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About Janmashtami

Janmashtami is also known as Krishna Janmashtami or Gokulashtami. It is an annual Hindu festival that celebrates the birth of Lord Krishna who is the eighth avatar of Vishnu. The Janmashtami festival is celebrated according to the Hindu lunisolar calendar. And, the date of the festival falls on the eighth day of the Krishna Paksha in Shraavana or Bhadrapad month. The month usually depends on whether the calendar chooses the new moon or full moon day as the last day of the month. Furthermore, the date of the festival falls on the month of August or September of the Gregorian calendar.

The festival of Janmashtami is important in the Vaishnavism tradition of Hinduism. The celebrations of Janmashtami include dance-drama enactments of the life of Krishna according to the Bhagavata Purana such as Rasa Lila or Krishna Lila. Celebrations also include devotional singing through the midnight when Krishna was born, fasting, a wakeful night, and a festival on the following day. Furthermore, people also visit the temples of Lord Krishna or Vishnu. This festival is mainly celebrated in Mathura and Vrindavan. It is also celebrated by major Vaishnava and non-sectarian communities found in Manipur, Assam, Bihar, West Bengal, Odisha, Madhya Pradesh, Rajasthan, Gujarat, Maharashtra, Karnataka, Kerala, Tamil Nadu, Andhra Pradesh, and all other states of India.

Significance Of Janmashtami Celebration

Lord Krishna is Devaki and Vasudeva Anakadundubhi's son and his birthday is celebrated by Hindus as Janmashtami. This festival is particularly celebrated by those of the Gaudiya Vaishnavism tradition as he is considered the Supreme Personality of Godhead. Janmashtami is celebrated when Krishna is believed to have been born according to Hindu tradition. According to Puranava, Lord Krishna was born in Mathura at midnight on the eighth day of Bhadrapada month.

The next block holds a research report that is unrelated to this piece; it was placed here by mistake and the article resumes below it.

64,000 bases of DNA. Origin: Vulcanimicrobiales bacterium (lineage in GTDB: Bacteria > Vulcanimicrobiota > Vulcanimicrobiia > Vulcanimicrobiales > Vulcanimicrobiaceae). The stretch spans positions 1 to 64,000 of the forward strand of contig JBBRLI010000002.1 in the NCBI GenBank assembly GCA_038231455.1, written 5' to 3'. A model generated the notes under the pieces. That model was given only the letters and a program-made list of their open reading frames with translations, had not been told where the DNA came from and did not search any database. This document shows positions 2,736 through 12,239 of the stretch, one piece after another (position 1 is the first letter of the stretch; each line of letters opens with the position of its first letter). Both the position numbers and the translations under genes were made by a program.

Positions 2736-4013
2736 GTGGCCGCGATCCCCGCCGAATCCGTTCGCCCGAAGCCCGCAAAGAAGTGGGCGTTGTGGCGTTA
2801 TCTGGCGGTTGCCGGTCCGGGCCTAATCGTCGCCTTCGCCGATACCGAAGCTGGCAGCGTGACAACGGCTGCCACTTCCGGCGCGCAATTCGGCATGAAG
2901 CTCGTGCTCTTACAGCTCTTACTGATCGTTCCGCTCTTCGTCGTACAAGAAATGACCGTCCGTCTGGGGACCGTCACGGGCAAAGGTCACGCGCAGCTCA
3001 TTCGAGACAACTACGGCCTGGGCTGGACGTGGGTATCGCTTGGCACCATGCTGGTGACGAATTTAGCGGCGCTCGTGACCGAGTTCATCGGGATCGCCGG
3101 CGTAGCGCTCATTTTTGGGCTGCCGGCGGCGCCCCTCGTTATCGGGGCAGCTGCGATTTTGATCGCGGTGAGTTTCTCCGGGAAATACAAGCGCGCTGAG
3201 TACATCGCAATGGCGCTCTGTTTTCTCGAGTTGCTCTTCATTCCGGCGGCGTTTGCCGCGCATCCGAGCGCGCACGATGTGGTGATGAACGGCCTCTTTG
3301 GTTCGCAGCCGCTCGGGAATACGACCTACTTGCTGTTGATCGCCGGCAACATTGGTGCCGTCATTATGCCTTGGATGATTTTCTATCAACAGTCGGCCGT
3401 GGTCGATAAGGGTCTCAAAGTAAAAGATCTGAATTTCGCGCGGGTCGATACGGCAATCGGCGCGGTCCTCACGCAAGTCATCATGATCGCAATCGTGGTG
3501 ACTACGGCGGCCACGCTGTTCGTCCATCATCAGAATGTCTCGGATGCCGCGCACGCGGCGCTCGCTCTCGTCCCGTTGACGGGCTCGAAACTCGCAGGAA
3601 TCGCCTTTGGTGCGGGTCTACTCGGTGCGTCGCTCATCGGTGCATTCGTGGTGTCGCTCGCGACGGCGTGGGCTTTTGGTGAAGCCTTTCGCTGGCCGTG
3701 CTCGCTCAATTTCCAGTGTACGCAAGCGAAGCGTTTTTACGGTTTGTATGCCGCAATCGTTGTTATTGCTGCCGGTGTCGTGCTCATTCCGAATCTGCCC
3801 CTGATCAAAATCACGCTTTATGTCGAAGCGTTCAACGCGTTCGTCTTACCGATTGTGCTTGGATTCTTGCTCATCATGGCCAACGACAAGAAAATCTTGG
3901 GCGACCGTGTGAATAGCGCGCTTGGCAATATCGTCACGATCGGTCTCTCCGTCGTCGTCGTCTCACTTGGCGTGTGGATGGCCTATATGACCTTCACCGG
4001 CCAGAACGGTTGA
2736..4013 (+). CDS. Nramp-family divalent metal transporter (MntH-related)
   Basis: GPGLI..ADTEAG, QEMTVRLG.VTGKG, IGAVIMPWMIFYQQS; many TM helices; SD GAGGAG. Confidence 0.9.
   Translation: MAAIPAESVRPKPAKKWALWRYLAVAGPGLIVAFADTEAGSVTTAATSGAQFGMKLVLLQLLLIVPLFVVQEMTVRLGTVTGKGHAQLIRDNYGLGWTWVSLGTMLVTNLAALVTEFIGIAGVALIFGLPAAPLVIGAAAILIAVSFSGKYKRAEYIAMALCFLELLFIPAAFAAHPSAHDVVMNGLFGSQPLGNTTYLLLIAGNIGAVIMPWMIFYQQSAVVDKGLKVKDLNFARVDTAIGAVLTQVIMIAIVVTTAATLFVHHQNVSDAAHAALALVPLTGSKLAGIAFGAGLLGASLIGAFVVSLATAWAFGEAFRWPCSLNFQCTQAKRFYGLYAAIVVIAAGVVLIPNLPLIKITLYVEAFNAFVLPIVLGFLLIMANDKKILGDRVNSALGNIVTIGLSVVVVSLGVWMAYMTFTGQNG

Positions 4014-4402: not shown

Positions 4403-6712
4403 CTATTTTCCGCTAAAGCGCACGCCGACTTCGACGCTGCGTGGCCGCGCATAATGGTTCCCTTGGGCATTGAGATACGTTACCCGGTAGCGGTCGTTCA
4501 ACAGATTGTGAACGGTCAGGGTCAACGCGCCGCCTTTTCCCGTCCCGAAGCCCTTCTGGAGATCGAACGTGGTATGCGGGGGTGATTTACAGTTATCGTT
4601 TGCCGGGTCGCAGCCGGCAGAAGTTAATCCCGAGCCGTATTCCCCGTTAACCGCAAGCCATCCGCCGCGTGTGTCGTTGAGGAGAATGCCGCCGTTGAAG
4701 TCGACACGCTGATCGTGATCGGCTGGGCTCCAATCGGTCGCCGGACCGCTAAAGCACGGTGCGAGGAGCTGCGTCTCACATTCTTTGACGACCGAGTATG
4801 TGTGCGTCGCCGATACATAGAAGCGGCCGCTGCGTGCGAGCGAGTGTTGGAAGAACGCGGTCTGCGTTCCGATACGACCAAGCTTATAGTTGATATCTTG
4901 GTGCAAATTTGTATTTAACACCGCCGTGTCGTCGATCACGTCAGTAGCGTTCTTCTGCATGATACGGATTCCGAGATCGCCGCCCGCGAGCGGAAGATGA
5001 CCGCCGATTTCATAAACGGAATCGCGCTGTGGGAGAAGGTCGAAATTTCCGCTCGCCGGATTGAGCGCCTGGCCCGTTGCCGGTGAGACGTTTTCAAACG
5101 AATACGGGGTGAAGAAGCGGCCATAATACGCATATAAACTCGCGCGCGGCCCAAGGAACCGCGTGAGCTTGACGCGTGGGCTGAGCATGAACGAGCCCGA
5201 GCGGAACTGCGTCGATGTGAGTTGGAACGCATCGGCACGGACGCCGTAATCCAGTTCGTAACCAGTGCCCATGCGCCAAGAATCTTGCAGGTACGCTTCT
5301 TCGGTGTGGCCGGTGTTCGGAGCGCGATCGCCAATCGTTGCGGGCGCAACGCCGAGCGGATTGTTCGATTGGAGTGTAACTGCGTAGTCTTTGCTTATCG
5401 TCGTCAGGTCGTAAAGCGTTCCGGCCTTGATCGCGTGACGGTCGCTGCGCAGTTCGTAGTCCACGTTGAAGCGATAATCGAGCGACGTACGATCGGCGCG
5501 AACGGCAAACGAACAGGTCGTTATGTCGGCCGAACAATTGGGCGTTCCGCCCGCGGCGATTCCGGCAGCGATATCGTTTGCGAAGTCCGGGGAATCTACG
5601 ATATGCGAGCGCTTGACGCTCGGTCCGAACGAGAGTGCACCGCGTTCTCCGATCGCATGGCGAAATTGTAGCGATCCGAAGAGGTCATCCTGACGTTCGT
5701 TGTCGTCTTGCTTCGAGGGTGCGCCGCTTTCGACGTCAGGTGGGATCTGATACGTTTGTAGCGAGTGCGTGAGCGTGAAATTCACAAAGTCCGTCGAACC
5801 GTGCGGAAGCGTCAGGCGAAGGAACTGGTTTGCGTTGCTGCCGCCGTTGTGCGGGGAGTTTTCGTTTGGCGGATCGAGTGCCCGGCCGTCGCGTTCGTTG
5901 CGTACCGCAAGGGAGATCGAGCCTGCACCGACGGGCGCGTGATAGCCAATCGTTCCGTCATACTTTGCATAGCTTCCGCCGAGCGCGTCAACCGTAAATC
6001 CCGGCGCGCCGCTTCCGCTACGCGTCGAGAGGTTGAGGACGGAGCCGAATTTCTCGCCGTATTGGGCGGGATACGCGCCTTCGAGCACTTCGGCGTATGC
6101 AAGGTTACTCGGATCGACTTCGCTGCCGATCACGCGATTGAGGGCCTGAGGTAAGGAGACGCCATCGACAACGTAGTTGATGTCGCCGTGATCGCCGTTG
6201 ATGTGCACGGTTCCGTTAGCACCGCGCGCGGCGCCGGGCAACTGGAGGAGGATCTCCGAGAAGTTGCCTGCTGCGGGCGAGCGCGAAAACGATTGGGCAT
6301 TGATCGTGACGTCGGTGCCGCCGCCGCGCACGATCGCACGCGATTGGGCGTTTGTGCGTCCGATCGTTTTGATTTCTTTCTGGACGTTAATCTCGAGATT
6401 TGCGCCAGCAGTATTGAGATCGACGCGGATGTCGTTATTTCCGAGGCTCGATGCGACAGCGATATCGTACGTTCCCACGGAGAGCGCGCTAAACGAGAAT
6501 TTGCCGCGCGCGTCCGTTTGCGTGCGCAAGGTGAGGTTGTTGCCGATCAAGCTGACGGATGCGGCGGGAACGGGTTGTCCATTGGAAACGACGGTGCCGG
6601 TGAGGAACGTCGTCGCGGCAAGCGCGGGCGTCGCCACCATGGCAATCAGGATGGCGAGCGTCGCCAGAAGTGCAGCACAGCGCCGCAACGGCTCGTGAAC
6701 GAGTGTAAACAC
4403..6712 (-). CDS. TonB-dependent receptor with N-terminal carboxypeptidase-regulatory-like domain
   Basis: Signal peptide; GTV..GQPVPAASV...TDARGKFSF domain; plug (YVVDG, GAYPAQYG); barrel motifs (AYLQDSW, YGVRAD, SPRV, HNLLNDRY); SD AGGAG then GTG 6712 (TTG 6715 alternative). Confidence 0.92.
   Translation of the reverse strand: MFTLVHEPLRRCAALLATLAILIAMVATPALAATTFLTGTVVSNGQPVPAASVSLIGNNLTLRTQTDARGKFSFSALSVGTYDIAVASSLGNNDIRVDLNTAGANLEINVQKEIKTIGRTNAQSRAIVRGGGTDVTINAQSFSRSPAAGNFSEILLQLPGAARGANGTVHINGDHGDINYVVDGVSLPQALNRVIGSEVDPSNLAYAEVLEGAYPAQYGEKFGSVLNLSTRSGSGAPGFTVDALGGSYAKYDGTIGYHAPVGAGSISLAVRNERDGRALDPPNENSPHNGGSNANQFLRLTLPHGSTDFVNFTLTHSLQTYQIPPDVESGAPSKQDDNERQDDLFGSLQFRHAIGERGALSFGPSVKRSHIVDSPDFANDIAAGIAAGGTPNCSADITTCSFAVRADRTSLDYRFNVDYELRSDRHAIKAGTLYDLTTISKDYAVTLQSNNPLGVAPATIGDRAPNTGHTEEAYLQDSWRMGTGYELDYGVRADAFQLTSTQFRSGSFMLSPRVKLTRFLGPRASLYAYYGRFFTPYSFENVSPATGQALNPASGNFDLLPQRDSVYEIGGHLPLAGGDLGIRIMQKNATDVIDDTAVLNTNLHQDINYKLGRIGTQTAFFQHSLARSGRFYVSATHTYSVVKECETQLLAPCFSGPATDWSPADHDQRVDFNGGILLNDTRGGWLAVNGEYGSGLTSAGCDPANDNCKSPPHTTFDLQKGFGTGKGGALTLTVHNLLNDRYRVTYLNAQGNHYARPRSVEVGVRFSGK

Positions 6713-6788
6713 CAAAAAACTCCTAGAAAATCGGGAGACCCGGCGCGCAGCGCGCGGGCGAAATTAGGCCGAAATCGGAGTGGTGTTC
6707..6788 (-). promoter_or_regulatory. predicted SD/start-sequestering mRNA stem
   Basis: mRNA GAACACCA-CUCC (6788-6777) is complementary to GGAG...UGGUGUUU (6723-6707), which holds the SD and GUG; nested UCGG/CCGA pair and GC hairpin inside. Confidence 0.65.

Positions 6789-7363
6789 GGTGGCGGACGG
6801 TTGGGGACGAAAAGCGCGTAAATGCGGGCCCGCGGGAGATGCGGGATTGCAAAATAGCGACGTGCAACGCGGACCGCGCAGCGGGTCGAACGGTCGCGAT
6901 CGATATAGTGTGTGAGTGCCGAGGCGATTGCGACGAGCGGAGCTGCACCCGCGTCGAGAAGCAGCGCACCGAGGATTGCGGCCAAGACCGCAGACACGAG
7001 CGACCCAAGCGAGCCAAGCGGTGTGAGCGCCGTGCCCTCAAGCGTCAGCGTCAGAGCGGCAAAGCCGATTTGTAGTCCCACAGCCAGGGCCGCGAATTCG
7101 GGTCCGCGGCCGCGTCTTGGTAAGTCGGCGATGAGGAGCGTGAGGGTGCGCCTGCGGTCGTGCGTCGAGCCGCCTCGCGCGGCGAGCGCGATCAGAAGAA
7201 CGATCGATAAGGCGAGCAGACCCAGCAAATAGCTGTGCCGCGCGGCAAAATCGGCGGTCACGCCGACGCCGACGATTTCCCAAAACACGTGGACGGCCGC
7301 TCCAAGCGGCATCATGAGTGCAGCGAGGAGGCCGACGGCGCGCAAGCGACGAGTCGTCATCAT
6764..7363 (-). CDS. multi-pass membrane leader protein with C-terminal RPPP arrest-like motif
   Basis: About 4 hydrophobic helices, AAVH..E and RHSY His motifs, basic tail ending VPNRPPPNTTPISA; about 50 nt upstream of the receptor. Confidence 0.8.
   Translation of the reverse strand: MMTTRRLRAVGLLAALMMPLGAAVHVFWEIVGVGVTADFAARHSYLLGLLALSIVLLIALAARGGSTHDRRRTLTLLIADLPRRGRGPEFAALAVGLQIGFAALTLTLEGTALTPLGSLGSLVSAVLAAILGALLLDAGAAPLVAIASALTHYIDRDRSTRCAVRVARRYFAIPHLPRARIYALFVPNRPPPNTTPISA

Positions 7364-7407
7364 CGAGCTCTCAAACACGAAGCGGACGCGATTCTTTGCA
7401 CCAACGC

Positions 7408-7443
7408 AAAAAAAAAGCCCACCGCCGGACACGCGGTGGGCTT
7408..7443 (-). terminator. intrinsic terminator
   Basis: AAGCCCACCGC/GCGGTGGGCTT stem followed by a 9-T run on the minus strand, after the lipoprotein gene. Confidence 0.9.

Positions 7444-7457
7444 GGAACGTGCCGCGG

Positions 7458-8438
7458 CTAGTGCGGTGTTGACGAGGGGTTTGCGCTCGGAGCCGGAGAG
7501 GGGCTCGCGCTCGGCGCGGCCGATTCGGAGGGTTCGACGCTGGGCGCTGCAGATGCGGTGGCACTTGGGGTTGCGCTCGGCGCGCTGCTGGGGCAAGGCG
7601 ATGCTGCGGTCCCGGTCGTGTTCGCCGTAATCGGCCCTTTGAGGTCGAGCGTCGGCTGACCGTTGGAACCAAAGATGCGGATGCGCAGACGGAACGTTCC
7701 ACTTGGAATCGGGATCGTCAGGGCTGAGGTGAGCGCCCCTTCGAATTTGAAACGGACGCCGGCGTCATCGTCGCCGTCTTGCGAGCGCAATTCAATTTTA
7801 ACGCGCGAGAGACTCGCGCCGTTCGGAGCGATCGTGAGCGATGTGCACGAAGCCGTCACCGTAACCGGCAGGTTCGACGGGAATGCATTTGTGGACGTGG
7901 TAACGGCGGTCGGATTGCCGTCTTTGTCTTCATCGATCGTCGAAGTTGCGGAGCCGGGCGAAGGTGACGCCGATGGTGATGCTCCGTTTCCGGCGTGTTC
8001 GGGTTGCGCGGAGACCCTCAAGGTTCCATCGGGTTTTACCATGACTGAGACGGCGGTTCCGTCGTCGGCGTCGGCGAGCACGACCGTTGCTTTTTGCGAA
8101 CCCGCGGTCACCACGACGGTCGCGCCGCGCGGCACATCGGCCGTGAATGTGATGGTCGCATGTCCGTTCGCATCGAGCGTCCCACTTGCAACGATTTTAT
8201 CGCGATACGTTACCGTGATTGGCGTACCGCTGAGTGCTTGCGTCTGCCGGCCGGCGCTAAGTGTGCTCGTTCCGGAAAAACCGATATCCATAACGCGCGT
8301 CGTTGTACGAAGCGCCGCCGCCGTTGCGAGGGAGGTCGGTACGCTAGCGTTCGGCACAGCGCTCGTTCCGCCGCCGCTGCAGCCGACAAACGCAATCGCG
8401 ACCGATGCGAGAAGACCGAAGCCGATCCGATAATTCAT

He was born in an age of chaos. It was a time when killing was common, freedoms were denied, evil was everywhere, and also there was a threat to his life by his maternal uncle King Kansa. Immediately after the birth of Lord Krishna at Mathura, his father Vasudeva Anakadundubhi takes Krishna across the Yamuna to his foster parents named Nanda and Yashoda in Gokul. This legend is celebrated on Janmashtami by people keeping fast, singing devotional songs of love for Krishna, and keeping a vigil into the night. After Krishna's midnight hour birth, statues of baby Krishna are washed and clothed, then placed in a cradle. Then, all the devotees break their fast by sharing food and sweets. Furthermore, women draw tiny footprints outside their house doors and the kitchen walking towards their house. It is a symbolism for Krishna's journey into their homes.

Celebrations Of Krishna Janmashtami In India

Janmashtami is celebrated in various cities of India. On the Krishna Janmashtami or on the following day, Dahi or Makhan Handi is celebrated in many cities. In this celebration, people break the Dahi Handi (earthen pot of yogurt) which is a part of this festival. The festival gets this popular regional name from the legend of baby Krishna. According to the legend, Lord Krishna in his childhood would seek into people’s homes and steal their milk products such as yogurt and butter. Due to which people would hide their supplies high up so that it stays out of the baby's reach. But, Krishna would try all sorts of creative ideas that include making human pyramids with his friends to break these high hanging pots.

Janmashtami is the largest festival in the Braj region of north India such as Mathura where Krishna was born and Vrindavan where he grew up. Vaishnava communities in these as well as other cities like Rajasthan, Delhi, Haryana, Uttarakhand, and Himalayan north celebrate Janmashtami. Krishna temples are decorated and lighted up which attract numerous visitors on the day of Janmashtami. Moreover, Krishna devotees hold bhakti events and keep night vigil on those temples.

In the northern states, Janmashtami is celebrated with the Raslila tradition. In this Raslila, the childhood pranks of Krishna and the love affairs of Radha-Krishna are particularly popular. In Dwarka, Gujarat where Lord Krishna is believed to have established his kingdom, people celebrate the festival with a tradition of Makhan Handi. Furthermore, people also perform folk dances at temples, sing bhajans, visit the Krishna temples such as at the Dwarkadhish Temple or Nathdwara.